Iron Maiden Senjutsu

A new album release by Iron Maiden was, is and always will be a very important occasion not just for the band’s legions of fans, not even just for rockers and metalers.

Since the unexpected and sudden announcement of the release, the first samples that were released online until the much anticipated moment where the listener gets the album on his or her hands the waiting was hard and painful.

Below you can read the impressions of editors

In my opinion every post-2000 Maiden album has to fight against “Brave New World”. In “Senjutsu” case, we may not have a new champion, but certainly a worthy opponent.

It doesn’t matter if most of the songs are long and mid tempo. Iron Maiden once more do a great job in the compositions, they are creating a magical atmosphere on every song, adding a few touches from “Somewhere In Time” and “Seventh Son…” here and there, maybe more than any of their recent albums making a link to their glorious past.

I am not going to be original, but the two last songs ,“The Parchment” and “Hell On Earth”, are the best, which when you actually get to them after having listened to the entire album you get a feeling of awe. On the other hand I can’t say I was impressed by the title track. In general, as it happens with any album where the songs are longer than 9 or even 10 minutes you need to listen to it several time to realize the amazing work they’ve done in the arrangements and the melodies and feel its grandeur.

Obviously, in a course of more than 40 years there will be some wear and tear. You can’t expect everything to be like it was back in the day. It can’t and it shouldn’t.

Yiannis Dolas

The rather short announcement of the new release of Iron Maiden certainly didn’t leave space to prepare our part as it happened in the past. However, this proved quite helpful in order to have a more objective judgment about Senjutsu. Although the title track that opens the album didn’t help me too much, I liked the overall atmosphere that it created. All in all, we have a typical Maiden album with some excellent but also some mediocre moments. “Stratego” and “Writing On The Wall” put us in the mood of a very good and rather mid-tempo album which closes with the amazing, epic “Hell On Earth”. Of course, if “The Time Machine” as well as a part of “The Parchment” were absent, it would not bother me at all.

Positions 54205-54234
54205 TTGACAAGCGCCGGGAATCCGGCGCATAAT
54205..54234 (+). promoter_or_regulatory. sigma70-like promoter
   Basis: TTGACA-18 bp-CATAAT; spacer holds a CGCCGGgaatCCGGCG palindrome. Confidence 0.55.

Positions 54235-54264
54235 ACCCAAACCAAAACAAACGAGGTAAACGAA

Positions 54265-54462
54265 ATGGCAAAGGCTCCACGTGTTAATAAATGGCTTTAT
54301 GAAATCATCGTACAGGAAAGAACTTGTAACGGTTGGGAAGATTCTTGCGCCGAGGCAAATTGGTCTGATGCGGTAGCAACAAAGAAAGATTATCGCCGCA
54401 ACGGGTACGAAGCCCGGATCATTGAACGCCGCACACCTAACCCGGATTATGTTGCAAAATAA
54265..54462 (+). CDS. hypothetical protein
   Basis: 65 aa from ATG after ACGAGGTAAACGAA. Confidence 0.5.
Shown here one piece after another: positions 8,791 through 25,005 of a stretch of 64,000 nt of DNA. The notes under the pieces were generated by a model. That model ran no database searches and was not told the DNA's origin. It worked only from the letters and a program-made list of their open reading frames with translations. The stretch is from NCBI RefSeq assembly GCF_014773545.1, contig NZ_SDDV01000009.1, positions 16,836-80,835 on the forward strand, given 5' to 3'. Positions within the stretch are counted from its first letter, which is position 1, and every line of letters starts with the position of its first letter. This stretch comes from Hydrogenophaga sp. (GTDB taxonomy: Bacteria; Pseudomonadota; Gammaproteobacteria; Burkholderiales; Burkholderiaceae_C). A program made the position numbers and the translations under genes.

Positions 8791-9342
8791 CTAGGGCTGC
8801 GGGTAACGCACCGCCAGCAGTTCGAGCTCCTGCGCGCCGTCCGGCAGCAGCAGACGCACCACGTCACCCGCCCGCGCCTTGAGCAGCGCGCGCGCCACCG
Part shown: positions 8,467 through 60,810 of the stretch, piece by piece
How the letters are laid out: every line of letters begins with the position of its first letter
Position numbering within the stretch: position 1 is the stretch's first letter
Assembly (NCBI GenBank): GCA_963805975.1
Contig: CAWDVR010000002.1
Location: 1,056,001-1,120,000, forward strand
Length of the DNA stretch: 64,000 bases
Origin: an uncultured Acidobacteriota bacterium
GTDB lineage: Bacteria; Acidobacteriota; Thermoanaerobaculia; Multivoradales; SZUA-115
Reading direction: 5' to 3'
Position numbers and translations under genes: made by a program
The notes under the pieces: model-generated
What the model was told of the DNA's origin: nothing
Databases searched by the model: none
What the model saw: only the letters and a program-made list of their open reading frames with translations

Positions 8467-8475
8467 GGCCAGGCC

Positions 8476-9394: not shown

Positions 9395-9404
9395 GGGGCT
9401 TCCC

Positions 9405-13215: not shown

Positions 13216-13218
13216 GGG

Dimitris Kazantzis

In this turbulent time and age, the release of a new Maiden album seems loke an oasis in a seemingly endless desert and the one thing that remained was the high expectations to be met. Personally, I wasn’t in a hurry to jump into conclusions as “Senjutsu” is an album that needs many listening sessions to absorb it all. But trust me…upon doing it so, a new magical Maiden world will be revealed in all its glory. “Senjutsu” is epic, dark, progressive with war-themed lyrics and phenomenal compositions in the familiar post-Brave New World era that create a sensational atmosphere as all the songs -despite their long duration- have truly something essential to offer.

“Hell On Earth”, “Stratego”, “Lost in a Lost World”, “Death of the Celts” and “Darkest Hour” are my personal favorite cuts in this album which can be viewed as a distant relative of “The X-Factor”. Up The Irons…Forever!

Sakis Nikas

One of the reasons I believe ‘Senjutsu’ to be one of the best post-reunion Maiden albums is the harmonic coexistence between their most direct side, as represented by the Smith-Dickinson duo, and the famous Steve Harris epics. Regarding those epics, I know, I read, that some are tired. Melodic synth-laden intro, galloping riff, long narration, endless sing-along chants, and away we go. Predictable. For the lyrics there are two choices, young promising commander, or mature reminiscing admiral. Guess what? The record ends not with one, not two, but three such tracks, signed by Harris. And they’re all great (‘The Parchment’ being my favorite). The chief just knows better than you. Think of it differently, would you be upset with Michael Jordan for shooting fadeaways all the time? He kept scoring the damn ball, didn’t he?

Romanos Terzis